I’m back to it now, and I feel like I’ve grown so much. I have since moved on from autobiography and am trying to turn my gaze outward. I have stopped keeping and counting rejection slips. Perhaps not coincidentally, I get more published now. I’m also working on a new collection, and about to host my first open mic. Poetically speaking, I’m in a very good place right now.
WHY THIS TITLE?: The title refers to Kansas City, MO’s West Side, which is historically the Hispanic neighborhood. It’s where I spent my formative years and attended Catholic school. The bull photo on the cover is the Hereford bull, a statue on the downtown bluffs overlooking the West Bottoms, on the banks where the Missouri and Kansas Rivers meet.
WHY WOULD SOMEONE WANT TO READ IT? I believe a poet’s job is to make uncommon experiences accessible to everyone, to achieve universality—and to do so in an artful way. I think everyone, at some point, has felt as though they don’t belong, so even if you can’t relate to my specific situation, you can understand what it feels like to be shunned or alienated. Everyone has to deal with illness and death at some point in their lives. Everyone loves food.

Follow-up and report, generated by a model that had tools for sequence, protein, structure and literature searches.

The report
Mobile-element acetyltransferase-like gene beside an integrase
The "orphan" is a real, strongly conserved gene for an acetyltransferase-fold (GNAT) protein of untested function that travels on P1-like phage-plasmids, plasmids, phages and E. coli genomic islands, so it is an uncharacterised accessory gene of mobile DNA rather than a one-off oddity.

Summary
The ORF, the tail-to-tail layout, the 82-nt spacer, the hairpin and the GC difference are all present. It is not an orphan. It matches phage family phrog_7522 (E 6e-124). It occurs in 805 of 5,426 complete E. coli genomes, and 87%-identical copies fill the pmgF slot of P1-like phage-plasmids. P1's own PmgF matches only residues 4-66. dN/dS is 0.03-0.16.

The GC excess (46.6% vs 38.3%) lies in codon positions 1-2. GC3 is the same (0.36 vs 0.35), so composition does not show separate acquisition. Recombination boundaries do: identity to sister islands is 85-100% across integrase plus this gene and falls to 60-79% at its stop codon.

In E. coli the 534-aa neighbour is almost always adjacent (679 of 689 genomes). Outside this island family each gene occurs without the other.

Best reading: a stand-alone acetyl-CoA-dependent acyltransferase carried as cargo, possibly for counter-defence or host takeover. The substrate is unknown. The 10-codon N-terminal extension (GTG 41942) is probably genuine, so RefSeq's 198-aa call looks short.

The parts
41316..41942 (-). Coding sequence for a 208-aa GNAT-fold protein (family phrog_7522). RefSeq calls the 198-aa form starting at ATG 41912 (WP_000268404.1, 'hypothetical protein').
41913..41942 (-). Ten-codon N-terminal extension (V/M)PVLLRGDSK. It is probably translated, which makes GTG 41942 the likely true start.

Barring that, I hope that if we have nothing in common, I hope I have given the reader insight into something new; that I have, in some way, enriched their life.
“I just finished reading ‘West Side Girl’ and was glad I picked it up. Lauren Scharhag takes one into a world not of just beauty but reality, and fantasy. Speaking of the dead, the hearth, and her own frailties. Her way with words and presentation, especially with the immersion in her Mexican culture, she is nothing short of a modern Frida Kahlo for poetry. If you wish to read book of poetry that will rip your soul out and then lets you gaze in awe at the myriad of colors and spices that it holds this would be that book.” –Smashwords reader